Clementine & Ginger Jam. Water-bath processing preserves

How do I waterbath process preserves? Here I discuss how I used leftover Christmas clementines to make a tasty jam and processed the jars for storage.

Reducing food waste is something I have quite a passion for. Food production/ packaging is one of the biggest sources of plastic and carbon emissions . Although the food industry is responsible for much of the food waste produced, it happens in the home too. In 2015, the Environment, Food and Rural Affairs Committee reported that average household in the UK lost £470 a year because of avoidable food waste, while those households with children lost an average of £700 worth of food.

At the end of Christmas week I was left with odds and ends in the fridge that needed using which I discussed in this Facebook Live video:

New Year Party treats from Christmas Leftovers

Using up all the Christmas food waste to create New Year party items.

Posted by Don't Crop Me Now on Tuesday, 31 December 2019

I had planned to use the clementines (8) and lemons (2) to make a cake, but decided I would make a preserve that could be used at a later date.

To make the preserve I covered the whole fruits with water and simmered for about 15 minutes until soft. I then removed any pips and blended the water and fruits. Using this pulp, I added a decent amount of frozen ginger and the same weight (of fruit pulp) of granulated sugar. I boiled to setting point and then processed in a water bath.

On our Facebook group a few followers have asked how I waterbath process my preserves. The first thing to note is people use many different methods. In the UK, people often don’t waterbath process high sugar preserves (jam/chutney). This is because sugar is a very good preservative and many believe that extra heat sterilising isn’t required.

I do this for a few reasons

  • It ensures the contents of the jar get really hot so it seals well. Broken seals are the number reason for preserves to fail in storage.
  • It cleans the outside of the jars for labelling/storage.

If you do decide to make jams/chutneys and don’t process them do make sure you sterilise your jars well. I wash the jars and then put in the oven for 20 minutes at 120C. I use screw-capped jars. They are cheap to buy and can be re-used. Using recycled jars is completely fine. If the lids have been used for high vinegar preserves like pickles there is a risk that is can affect the seal so just be aware of this.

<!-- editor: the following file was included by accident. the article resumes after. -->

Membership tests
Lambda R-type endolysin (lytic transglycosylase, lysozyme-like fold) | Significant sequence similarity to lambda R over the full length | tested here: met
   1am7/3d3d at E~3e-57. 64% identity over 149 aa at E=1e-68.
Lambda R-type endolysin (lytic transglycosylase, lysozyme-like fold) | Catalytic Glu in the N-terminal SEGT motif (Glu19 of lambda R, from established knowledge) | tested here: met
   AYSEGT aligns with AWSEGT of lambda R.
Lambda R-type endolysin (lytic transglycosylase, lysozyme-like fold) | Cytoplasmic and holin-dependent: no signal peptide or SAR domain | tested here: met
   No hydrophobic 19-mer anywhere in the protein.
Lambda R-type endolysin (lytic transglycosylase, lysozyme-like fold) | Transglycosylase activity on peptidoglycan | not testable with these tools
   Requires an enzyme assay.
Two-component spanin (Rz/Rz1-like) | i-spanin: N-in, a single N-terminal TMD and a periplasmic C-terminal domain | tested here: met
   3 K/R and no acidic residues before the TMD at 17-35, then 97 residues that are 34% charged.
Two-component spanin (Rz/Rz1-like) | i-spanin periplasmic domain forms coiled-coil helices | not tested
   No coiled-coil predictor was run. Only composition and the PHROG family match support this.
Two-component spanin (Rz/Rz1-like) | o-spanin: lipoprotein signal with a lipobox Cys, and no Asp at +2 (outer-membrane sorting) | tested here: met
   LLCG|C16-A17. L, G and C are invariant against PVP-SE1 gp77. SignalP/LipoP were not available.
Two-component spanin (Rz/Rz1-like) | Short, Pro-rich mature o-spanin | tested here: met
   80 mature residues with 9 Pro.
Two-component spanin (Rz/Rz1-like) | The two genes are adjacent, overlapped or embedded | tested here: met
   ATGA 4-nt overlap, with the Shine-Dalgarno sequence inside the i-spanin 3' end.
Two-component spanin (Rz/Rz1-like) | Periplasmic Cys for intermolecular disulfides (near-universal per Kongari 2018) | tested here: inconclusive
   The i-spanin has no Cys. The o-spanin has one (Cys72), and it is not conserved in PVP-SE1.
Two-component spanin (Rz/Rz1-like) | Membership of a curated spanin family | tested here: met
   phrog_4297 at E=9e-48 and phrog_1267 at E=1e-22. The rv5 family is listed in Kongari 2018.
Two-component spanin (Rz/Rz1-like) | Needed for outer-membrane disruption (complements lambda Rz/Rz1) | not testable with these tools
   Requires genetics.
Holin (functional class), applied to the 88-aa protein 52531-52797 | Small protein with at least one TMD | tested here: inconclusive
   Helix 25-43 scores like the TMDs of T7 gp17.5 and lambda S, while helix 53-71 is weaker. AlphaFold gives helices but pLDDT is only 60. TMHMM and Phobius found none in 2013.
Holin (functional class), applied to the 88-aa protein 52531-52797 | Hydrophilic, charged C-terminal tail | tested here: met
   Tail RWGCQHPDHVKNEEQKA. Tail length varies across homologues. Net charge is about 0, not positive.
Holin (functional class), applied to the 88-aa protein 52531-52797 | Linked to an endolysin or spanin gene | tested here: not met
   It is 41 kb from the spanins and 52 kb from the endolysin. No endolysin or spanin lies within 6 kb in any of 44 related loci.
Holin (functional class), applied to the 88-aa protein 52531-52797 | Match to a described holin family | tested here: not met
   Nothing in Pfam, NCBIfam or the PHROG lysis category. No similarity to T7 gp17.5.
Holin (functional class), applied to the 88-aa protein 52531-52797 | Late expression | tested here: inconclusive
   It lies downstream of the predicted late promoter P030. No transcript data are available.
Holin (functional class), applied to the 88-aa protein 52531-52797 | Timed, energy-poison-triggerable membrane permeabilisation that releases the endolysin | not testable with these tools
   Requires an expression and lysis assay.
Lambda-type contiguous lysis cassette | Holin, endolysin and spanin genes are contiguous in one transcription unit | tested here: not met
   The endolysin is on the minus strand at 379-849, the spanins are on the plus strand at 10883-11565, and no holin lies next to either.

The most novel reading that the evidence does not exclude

Please note that water-bathing is not a safe method to process low sugar or low acid foods like vegetables. I use water-bathing for pickles (in full strength vinegar), chutneys, jams and bottling high acidity fruits in a acidified (lemon) sugar syrup.

Add the hot preserve and screw the lids on tightly. Ensure you use a trivet at the bottom of your pan. If the heat is directly on the glass the jars will break. As an alternative you can use a bit of cloth at the bottom of the pan. I use a preserving pan because the jars need to be covered completely for processing and this has a decent height.

Bring to the boil and leave the jars for 15 mins.

There are gadgets you can buy to get the jars out of the boiling water. I find the easiest solution is to pour most of the water out of the pan and then you can just pick the jars out with an oven glove. Leave the jars to cool. The lids will vacuum seal with the change in temperature. Depending on the lids you have you use you might see this if they have a ‘dimple’. Often they don’t, but it is clear that the lid is sucked down tightly.